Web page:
Thursday, April 23, 2009

Truffaut's daughter remembers The Wild Child

From the Calgary Herald: Laura Truffaut recalls her weeks as a 10-year-old visitor to the set of her dad's classic film. The Wild Child, writer Nancy Tousley explains, is the story of Victor, "the Wild Child of Aveyron, who is sighted in the forest [in 1798] by a woman gathering mushrooms. Hunters chase the naked child who lopes along on all fours and climbs high up in the trees. Using dogs, they capture and overpower him. Dr. Jean Itard, a physician, takes the child in to socialize him and see if he can teach him to speak."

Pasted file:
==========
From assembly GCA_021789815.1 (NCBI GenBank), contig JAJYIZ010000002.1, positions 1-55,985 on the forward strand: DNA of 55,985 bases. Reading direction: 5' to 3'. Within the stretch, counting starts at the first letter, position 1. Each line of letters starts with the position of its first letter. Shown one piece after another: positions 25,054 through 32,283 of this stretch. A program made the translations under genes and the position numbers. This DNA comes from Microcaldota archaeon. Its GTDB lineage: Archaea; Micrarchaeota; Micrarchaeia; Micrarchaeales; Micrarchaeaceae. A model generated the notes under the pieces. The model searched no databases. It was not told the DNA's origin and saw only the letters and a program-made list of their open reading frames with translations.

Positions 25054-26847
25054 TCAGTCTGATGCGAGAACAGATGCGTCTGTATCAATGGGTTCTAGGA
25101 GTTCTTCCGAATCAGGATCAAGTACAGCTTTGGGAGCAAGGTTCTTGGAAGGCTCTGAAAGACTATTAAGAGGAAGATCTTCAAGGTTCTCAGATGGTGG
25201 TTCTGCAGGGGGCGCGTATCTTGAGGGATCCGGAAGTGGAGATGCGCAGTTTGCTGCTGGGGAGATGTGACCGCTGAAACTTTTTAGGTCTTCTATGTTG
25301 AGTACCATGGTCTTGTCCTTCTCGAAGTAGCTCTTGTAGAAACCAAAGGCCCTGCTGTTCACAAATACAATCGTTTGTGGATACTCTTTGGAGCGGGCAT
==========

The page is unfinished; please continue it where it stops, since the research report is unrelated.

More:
Money quote from Laura Truffaut: "For my father, the film really was about neglect and care, not about love. I think he really felt that to be human is to be cared for or to care for others. He didn’t want to romanticize the character of the doctor. The movie was made at the time of the hippie movement, at the time of a much more romantic view of a return to nature, and my father was a little bit at odds with that... For him, when the child is alone in the forest, it was a state of neglect. It was not the way a child should be having to live. It was dangerous. He was abandoned. No matter how repetitive the doctor’s exercises were (for the child to do), they are a demonstration of care.”

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